While Smutek spent time with an old assistant coach and has spent his entire career as a hockey player, the first year Rivermen does see a future in being behind the bench once his playing days come to a close. He was offered an assistant coaching position in the Alberta Junior Hockey League (AJHL) a few years back, but declined in an effort to keep playing. It’s something he hopes to one day circle back to, and already has somewhat of a foundation developed.


“I would emulate some of my coaching off of coach Trudel, but have a Pete Carroll style too,” Smutek explained. I love Guy’s (Trudel) attention to detail and you can learn a ton from him. I would steal most of his systems. I also love Pete Carroll’s always compete philosophy. You’re either competing to get better at everything or you’re not.”


Skyler also enjoys doing some behind the scenes work, making several player highlight videos for both teammates and friends around the league. It’s a side project he calls “Smutech Productions,” and he’s had fun with that. 


Across 35 games in a Rivermen jersey, Smutek registered 10 assists and 120 penalty minutes. He’s 30 years of age, but has played just three seasons professionally. As mentioned earlier, there is perhaps no player who loves the game of hockey, along with all that being a minor league hockey player entails, more than Skyler Smutek. The “all that being a minor league hockey player entails” part is referencing the countless, and often thankless requests fulfilled by players. From visiting children’s hospitals and elementary schools, to running around fulfilling fan requests on Rivermen Day or getting up at six in the morning to do a morning news interview; if Smutek was asked, he always obliged. Never complaining. Never pawning the task off to another player. He was an ambassador for the team and a part of the Rivermen fabric embedded in the Peoria community. 


His love of the game and of the fans did not go unrecognized. At the Rivermen Booster Club’s end of the year awards ceremony, Skyler was presented with the Pete BardezBanian Award, given to the most popular player on the team as voted by the Booster Club members. 


“I was happy to have a home again,” an emotional Smutek uttered. “It had been such a long time since I had a home. I was excited to be somewhere that I felt like everyone wanted me to be. The last time I truly felt a part of an organization in all aspects was with my junior team in 2011. I know the Rivermen are important to a lot of people and I would do anything I can to help this team win a championship. I remember what it was like to be one of the kids who thought hockey players were the coolest thing in the world and I wanted to be them, so when I get a chance to give back, I always want to contribute.”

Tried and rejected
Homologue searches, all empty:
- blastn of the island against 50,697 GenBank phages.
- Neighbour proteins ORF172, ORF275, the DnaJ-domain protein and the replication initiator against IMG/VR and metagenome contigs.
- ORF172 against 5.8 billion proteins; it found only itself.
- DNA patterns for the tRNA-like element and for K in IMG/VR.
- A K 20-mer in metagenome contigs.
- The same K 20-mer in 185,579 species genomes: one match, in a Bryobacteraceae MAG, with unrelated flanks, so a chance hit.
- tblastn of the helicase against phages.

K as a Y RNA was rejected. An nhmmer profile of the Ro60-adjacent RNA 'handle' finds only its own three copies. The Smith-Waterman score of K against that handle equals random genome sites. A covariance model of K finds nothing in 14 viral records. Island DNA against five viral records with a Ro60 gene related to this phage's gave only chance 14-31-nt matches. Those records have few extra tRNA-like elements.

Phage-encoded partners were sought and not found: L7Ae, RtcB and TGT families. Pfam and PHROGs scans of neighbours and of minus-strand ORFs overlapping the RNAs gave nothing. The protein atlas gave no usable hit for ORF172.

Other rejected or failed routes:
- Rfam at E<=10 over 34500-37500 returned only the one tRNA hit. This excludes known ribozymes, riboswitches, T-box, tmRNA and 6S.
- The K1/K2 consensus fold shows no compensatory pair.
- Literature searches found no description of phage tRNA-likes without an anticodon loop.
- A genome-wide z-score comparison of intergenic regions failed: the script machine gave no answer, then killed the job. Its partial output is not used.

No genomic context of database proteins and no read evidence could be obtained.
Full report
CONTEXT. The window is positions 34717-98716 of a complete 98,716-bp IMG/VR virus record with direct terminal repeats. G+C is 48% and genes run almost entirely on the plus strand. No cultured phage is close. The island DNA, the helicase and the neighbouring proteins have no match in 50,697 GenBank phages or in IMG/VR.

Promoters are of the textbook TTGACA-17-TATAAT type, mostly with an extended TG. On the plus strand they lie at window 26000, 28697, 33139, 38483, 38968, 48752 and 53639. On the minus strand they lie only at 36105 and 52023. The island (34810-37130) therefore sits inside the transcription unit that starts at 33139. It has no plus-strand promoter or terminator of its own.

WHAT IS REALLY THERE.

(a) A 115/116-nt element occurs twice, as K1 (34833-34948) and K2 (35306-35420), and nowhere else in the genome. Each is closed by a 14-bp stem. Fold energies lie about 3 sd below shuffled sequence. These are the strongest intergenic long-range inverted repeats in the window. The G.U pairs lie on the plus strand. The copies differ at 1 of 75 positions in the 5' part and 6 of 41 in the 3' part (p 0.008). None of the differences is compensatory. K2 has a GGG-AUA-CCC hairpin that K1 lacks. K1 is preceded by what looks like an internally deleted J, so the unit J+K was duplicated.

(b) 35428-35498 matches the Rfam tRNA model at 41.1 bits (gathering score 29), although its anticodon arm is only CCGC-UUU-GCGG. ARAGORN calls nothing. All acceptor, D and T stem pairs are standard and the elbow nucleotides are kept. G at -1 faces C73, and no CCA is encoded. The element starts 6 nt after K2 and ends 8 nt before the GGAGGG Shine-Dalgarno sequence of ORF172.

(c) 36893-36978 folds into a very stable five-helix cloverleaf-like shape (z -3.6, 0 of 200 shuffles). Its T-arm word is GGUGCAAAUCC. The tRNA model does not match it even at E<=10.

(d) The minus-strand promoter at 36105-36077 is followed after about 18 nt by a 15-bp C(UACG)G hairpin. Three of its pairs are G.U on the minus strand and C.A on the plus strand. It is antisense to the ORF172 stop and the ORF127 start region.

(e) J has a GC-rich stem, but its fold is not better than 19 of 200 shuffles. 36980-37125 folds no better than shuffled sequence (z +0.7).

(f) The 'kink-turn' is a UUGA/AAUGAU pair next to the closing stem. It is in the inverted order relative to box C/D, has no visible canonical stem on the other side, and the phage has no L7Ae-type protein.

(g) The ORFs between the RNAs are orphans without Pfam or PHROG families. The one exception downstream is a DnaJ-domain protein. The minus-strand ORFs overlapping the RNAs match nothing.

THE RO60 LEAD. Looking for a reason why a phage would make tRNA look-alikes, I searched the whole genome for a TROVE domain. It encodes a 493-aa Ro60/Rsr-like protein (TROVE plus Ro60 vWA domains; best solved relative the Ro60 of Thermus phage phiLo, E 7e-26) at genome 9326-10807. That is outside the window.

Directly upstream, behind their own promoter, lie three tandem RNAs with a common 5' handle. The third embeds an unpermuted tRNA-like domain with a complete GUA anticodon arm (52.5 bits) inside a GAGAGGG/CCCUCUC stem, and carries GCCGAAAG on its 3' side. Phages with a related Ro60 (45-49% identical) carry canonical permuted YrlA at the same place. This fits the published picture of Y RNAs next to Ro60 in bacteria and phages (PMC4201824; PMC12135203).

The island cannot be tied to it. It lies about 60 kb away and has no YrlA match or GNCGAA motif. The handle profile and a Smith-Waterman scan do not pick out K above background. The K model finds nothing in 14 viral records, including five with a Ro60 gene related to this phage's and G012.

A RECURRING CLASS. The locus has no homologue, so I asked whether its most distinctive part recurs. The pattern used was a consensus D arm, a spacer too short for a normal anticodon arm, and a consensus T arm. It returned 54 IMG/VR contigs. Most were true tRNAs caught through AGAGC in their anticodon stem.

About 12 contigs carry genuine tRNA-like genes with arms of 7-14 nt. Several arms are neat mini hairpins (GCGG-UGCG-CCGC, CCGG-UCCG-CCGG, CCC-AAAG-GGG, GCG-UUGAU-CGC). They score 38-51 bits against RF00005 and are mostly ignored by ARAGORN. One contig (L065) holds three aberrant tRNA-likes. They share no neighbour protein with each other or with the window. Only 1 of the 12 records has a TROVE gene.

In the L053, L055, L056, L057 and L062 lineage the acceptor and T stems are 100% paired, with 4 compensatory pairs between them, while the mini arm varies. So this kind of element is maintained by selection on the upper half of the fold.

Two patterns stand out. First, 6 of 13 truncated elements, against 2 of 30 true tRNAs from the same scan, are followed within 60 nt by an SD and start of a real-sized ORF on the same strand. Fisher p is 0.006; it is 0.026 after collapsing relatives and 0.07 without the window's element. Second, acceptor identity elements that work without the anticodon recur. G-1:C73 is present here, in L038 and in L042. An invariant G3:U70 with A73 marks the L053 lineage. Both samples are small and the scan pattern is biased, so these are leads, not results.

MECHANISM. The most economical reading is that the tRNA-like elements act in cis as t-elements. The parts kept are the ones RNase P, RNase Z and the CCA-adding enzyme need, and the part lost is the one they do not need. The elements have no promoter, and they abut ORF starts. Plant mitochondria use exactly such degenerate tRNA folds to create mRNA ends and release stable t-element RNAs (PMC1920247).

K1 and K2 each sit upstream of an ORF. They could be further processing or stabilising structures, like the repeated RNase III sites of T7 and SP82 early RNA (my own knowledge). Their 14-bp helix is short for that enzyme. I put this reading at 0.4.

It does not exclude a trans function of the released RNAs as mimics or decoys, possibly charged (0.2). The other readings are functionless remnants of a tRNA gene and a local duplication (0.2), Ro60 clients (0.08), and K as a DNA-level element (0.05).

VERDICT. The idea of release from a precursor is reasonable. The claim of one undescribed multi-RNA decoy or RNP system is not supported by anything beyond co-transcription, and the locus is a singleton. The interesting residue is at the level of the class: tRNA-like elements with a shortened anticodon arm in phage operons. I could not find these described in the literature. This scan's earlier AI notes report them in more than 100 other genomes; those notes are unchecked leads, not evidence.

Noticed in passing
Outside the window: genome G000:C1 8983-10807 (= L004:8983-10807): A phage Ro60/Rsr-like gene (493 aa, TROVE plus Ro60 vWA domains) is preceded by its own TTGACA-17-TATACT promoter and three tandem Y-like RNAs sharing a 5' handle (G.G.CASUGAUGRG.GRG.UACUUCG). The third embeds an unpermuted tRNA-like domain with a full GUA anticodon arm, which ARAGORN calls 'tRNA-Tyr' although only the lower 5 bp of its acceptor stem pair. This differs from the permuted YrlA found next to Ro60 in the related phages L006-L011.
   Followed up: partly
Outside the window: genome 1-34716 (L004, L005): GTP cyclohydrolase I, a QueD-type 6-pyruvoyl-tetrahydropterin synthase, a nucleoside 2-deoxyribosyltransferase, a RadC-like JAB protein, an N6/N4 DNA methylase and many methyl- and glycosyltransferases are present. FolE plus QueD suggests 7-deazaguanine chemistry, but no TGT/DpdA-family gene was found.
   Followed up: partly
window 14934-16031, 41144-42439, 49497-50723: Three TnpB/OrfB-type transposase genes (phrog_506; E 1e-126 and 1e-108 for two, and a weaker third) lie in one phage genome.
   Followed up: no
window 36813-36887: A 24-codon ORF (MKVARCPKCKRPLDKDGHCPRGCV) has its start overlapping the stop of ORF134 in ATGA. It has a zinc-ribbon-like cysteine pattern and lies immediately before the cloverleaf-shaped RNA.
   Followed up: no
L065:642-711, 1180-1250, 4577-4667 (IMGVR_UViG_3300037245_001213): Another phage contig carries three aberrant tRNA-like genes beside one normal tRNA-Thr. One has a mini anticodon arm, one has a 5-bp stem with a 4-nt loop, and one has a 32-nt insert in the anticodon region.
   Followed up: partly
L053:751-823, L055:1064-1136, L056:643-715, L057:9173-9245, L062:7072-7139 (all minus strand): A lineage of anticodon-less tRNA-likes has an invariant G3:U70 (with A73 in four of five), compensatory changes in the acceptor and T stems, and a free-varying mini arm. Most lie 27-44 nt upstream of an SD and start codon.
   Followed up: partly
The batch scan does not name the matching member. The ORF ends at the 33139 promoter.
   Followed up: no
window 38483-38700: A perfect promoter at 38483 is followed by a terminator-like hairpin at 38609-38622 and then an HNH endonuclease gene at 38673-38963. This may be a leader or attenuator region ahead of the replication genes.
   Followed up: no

That five-year-old who sat watching the glory years of Steve Yzerman, Brendan Shanahan, and a host of other players from his childhood favorite-Detroit Red Wings now stands on his own two skates as a professional hockey player. The body often goes before the mind. Ultimately, every player takes their last shift. In most SPHL cases, 30 is right around the age of retirement. When asked about this, Smutek, 30, mentions the names of two hockey icons.


Joe Thornton. Jarmoir Jagr.


“I’m willing to put the work and the time in to get better. We’re gonna see where that levels out at. So next year, the year after, as long as I’m financially able to keep going and my body doesn’t give out on me, I can’t see myself doing anything else anytime soon. I’ve been feeling this way since I was 5 years old so I don’t see that mindset changing. Look at (Jaromir) Jagr. That guy has been playing for over 30 years. I’m not saying or comparing myself to anything close to Jagr. All I’m saying is if another human can play for that long, maybe I can give it a try.”


One more thing. The Washington state native who grew up a Red Wings fan may have found a new favorite team.  


“Well as of recently, everyone has to be afraid of the Kraken,” said Smutek when referring to the NHL’s newest franchise. “Honestly when I first saw their logo, I forgot how much this meant to me. Growing up in Washington, I remembered how much I wanted to see an NHL team nearby. That logo is sick!”